Prayers for Sameer
August 11, 2016 / By Evelyn A. Woodring
Editor’s Note: Evelyn Woodring, pastor of South Park United Methodist Church, recently shared with UNY Communications, a moving story about a boy named Sameer. Her story spoke to both a need in the community and how she was attempting to help address parts of it on a small scale. She was invited her to share her story on the UNY Conference website so that others may be moved to prayer and action
Sameer was five years old when he and his mother first visited our church. His repetitive body motions and lack of verbal skills indicated that he was developmentally delayed and autistic. They were immediately embraced by the congregation. The women of the church doted on the boy who had been adopted by his loving mother despite those needs.
His mother later confided to me that they had been shunned by other faith communities before they came to us. We all assured her that they would be welcomed and embraced as God’s own with us.
With the closing of that church, I was appointed to another congregation, South Park United Methodist Church, which is about one-and-a-half miles away. By this time, Sameer’s family had grown with the birth of his baby brother. Unfortunately, charged with the care of a toddler as well as Sameer, and without a car or reliable transportation, they were unable to attend regular worship. That did not mean that bonds with the congregation were severed. And, when we learned of a pre-adolescent diagnosis of Bipolar disorder in addition to his other problems, we only increased our concerns for the family.
Members were regularly in touch with them, attending Christmas and birthday parties, sending gifts, cards, and calls whenever possible. And, while our hearts ached over the brokenness of this lovable young man, we were unable to provide for his increasing medical and psychological needs.
Fast-forward to a, tall, strong, and good-looking 16-year old whose problems have only worsened with the passage of time. He is unable to control his impulses; he requires constant watchfulness; and he is incapable of explaining his thoughts, motivations, and needs.
A few weeks ago, I received a phone call from his mother. For the first time, I heard fear in her voice as she mentioned him. He had, in a fit of anger, thrown household items at her, destroyed property, and left her with marks on face and body. It was the last straw for her. She had spent countless nights awake until assured he was asleep, had not even dared to take a shower unless he was sleeping, and she was exhausted and frightened not only for herself, but for her other son.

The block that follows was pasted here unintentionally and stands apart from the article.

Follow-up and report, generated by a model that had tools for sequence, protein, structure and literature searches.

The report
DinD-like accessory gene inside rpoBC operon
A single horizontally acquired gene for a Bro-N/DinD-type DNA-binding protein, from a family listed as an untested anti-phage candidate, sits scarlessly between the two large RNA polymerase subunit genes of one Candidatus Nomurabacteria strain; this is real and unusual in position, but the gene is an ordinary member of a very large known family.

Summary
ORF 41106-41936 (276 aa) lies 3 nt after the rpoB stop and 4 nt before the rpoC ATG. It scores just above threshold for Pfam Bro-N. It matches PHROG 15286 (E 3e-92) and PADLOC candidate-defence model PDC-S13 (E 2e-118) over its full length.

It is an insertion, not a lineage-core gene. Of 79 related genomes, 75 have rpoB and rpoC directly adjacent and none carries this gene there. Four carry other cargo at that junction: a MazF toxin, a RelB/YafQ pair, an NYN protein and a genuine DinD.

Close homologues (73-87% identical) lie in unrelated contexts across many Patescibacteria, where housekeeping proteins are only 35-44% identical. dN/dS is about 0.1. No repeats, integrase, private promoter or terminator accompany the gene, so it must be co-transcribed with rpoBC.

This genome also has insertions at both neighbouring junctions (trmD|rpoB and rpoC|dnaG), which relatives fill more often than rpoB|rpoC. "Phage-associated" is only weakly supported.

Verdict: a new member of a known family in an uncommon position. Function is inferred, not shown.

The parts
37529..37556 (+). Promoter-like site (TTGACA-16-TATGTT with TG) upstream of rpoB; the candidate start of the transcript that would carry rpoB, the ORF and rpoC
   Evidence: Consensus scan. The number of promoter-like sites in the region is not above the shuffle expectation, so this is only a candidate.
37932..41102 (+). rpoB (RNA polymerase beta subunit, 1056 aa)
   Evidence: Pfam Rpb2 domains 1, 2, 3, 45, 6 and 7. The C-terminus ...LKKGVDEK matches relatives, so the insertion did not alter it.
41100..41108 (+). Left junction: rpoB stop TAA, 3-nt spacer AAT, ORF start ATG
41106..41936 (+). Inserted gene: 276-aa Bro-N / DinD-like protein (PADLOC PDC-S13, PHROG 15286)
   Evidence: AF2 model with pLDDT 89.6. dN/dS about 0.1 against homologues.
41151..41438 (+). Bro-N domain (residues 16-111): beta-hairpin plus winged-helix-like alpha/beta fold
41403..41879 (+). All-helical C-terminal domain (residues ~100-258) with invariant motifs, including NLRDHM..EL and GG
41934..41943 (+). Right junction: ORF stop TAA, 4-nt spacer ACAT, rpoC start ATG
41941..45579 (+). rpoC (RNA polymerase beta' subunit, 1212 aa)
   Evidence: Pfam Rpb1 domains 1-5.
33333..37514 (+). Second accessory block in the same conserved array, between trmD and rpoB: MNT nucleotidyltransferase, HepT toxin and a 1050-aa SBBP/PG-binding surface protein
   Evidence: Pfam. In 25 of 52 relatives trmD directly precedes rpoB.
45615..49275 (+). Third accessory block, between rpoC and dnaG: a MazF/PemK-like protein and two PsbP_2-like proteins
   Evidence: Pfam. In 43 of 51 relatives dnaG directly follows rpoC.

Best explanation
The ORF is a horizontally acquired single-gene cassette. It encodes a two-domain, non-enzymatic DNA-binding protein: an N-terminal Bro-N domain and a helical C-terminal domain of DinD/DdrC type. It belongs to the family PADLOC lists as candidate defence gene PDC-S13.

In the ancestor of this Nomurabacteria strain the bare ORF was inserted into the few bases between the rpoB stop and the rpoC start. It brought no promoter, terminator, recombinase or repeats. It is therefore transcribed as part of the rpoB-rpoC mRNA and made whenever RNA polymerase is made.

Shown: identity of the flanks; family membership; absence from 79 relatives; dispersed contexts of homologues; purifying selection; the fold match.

For some time, we had all been aware that he needed to be in a residential care program where 24-hour oversight was possible. The family had already interviewed with two such programs, and in both cases had been told “he really doesn’t fit our criteria.”
It was an unbearable situation for a mother. He needed more than she could give, and none of the places that could meet his needs would accept him. Desperate, she had decided to take the only option she could to assure care for Sameer and safety for herself and her other son. She would take him to the inpatient psychiatric unit at the county hospital. Knowing that this was not the “right” choice for his care, she also knew it was the only choice she could make.
Multiple agencies have been involved in his case, and each of them has addressed those needs from their perspective. Unfortunately, this “piecemeal” approach does not address the entirety of who he is and what he needs. Yet, this is how the system of care for such persons operates.
It is only within the last week that these agencies have come together to address the entire spectrum of problems Sameer represents. While I as Pastor, and the members of my congregation, have been praying for, visiting, and helping with medical appointments, etc., the combined agencies have seen only their part of the wholeness that is this precious child of God.
His is not the only case which presents with multiple, severe, and seemingly unsolvable problems. That is, perhaps, the saddest part of his story. While the family have been told “if you can’t control your child, we don’t want you here,” we have heard Christ’s words of welcome for children, for the disabled, for the least desirable. “For of such is the Kingdom of Heaven” has real meaning.
I write asking for prayers for this mother, for Sameer, and for his brother. I also write, asking that we, as United Methodists, pray for and work toward a health-care system that is willing to address these multiple-problem cases, rather that shunning them. They are far more common than we might wish to believe.